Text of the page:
Good nutrition to help receding gums


A mouth- and gut-friendly diet will include the following:


  • Processed food, which is full of preservatives and artificial additives.
  • High-fructose corn syrup, maple syrup, table sugar, added sugar refined sugar
  • Starchy foods and veggies (potatoes, root veggies). These upset the balance of the microbiome.
  • Fruit juice, even if it is 100 per cent fruit. Concentrated simple carbs reduce the diversity of the microbiome.



  • Fibrous and non-starchy green veggies: leafy greens, broccoli, brussels sprouts, kale.
  • Whole foods which are in their natural state.
  • Fermented and probiotic foods such as sauerkraut, tempeh, miso or kefir to replenish your microbiome.
  • Veggies like onions which contain prebiotic fibre. This feeds “good” bacteria.


And remember to chew! Swallowing your food too quickly means that the “good” bacteria don’t get the chance to kick-start their work in helping food to be digested properly.


7 ways to maintain your gut health and oral health

All this information about our gut and mouth microbiome can be overwhelming. To keep you on the path to great gut and gum health, here are seven steps to a happy tummy and teeth, and a glowing, gorgeous you:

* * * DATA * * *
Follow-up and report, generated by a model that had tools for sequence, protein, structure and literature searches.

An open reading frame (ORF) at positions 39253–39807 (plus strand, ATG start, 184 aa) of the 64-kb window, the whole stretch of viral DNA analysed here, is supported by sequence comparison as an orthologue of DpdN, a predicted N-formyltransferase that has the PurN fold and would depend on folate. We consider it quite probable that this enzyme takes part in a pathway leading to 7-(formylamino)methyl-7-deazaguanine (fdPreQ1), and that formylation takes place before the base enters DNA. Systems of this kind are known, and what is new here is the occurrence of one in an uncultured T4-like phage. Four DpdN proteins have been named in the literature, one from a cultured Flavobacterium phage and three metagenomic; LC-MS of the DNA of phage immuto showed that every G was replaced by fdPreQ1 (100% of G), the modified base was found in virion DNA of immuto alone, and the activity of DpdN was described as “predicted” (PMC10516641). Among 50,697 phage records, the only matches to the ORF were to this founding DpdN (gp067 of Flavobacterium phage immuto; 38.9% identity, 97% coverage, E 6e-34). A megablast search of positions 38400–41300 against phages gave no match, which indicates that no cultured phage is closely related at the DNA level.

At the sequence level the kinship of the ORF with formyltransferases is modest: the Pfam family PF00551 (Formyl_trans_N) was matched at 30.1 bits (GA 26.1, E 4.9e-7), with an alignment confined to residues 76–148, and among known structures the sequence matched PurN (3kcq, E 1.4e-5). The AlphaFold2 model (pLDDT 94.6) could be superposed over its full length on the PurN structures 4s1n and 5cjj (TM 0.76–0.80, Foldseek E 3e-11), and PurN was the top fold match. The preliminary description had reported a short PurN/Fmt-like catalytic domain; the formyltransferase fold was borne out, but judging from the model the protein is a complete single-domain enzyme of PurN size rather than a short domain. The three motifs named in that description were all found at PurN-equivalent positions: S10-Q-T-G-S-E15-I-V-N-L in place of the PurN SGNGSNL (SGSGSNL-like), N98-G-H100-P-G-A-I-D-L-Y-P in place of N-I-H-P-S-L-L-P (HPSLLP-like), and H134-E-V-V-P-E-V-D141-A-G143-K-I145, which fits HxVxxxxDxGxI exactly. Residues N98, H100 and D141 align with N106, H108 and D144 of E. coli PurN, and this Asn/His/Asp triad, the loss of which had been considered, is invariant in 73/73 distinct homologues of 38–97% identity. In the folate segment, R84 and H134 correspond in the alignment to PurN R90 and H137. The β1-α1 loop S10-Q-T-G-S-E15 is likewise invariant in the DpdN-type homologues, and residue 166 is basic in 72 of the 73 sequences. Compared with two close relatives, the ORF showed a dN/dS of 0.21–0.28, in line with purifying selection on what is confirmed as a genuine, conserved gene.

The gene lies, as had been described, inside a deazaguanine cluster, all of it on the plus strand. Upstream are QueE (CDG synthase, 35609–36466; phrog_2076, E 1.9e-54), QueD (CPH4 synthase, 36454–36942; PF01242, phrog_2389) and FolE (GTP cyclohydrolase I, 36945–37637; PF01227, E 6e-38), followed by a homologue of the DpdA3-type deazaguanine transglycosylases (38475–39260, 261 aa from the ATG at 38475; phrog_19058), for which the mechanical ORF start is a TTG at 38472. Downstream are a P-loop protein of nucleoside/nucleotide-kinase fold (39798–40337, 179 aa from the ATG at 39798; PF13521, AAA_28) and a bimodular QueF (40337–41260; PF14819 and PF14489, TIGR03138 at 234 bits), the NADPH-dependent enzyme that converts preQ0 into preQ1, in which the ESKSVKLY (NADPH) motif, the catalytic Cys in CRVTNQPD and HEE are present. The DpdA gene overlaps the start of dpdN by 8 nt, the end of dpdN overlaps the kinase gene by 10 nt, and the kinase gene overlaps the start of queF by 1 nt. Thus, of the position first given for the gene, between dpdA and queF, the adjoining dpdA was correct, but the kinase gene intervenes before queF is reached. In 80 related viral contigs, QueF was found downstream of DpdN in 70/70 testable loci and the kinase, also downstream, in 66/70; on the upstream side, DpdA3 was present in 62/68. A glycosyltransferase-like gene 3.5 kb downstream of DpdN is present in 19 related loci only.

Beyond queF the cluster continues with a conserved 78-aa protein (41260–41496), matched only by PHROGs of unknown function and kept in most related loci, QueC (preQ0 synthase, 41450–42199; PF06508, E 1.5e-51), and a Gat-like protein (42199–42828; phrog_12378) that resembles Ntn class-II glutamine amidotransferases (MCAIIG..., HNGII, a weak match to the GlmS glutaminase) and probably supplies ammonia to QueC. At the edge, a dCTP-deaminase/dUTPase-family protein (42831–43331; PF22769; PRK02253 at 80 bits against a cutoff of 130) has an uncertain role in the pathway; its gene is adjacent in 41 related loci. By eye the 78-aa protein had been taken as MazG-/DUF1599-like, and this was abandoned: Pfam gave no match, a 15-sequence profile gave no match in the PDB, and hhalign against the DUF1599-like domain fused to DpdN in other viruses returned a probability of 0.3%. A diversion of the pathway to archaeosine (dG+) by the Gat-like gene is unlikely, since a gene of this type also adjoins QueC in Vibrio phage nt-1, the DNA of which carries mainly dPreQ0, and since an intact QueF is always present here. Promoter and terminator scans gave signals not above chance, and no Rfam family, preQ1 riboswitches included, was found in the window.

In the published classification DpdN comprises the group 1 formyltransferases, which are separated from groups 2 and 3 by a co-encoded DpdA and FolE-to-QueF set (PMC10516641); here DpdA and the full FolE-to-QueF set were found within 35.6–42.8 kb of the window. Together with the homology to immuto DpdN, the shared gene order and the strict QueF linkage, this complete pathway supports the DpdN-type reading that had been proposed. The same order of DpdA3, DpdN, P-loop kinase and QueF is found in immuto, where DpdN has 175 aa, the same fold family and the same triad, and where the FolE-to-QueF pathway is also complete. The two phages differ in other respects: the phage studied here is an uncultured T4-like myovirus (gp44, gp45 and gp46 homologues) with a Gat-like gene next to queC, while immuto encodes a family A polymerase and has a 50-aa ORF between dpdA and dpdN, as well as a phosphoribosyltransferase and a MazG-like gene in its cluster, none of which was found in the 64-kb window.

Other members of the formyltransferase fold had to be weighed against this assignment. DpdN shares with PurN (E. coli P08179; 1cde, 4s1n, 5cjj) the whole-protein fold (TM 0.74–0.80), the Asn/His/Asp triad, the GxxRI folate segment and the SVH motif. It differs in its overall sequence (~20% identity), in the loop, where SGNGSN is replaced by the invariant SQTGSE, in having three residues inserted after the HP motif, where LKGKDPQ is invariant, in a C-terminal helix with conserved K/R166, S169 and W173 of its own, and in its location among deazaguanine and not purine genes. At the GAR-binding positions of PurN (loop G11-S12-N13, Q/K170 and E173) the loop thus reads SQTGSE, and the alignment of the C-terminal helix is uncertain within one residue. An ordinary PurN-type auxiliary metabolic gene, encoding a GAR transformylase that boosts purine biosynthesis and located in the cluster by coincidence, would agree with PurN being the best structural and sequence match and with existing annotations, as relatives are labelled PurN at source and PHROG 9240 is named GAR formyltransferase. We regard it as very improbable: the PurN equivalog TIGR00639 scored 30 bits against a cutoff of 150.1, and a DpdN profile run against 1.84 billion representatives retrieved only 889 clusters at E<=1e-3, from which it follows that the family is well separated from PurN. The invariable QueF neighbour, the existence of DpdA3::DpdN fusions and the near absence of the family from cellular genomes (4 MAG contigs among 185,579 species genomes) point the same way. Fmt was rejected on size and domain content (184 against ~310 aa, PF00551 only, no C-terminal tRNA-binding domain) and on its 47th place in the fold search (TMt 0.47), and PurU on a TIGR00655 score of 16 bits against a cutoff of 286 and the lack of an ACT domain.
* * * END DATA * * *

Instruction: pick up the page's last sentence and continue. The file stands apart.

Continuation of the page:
1.  Avoid abrasive, chemical toothpastes and harsh brushing, and make sure you spend 6 minutes a day brushing and flossing your teeth (3 minutes in the morning and 3 minutes at night).
  2. Cut down on sugar and processed foods
  3. Give up sweet fizzy drinks
  4. Eat more gut-friendly foods and probiotics
  5. Reduce inflammation in your body. Organic anti-inflammatory supplements such as Activated Black Seed Oil are full of 100% natural oils that calm irritation, boost immunity and eliminate pathogens in the body.
  6. Avoid harsh chemical mouthwashes or teeth whitening agents which destroy the good bacteria in the mouth.
  7. Watch your stress levels and think about focusing on simple joys rather than what social media says is important.


Our mouth and gut are so intimately connected and this is a great reminder that everything we do matters and has an impact of every other part of the body.

Our mouth and gut microbiomes remind us that we are a home for trillions of microscopic friends, who can help or harm us, depending on how well we take care of ourselves.

Even though there are billions of bacteria in our microbiome, taking care of so many microorganisms is not that complex. In fact, our oral and gut health are happiest when we keep things natural and simple: a great lesson for all of us in the new year.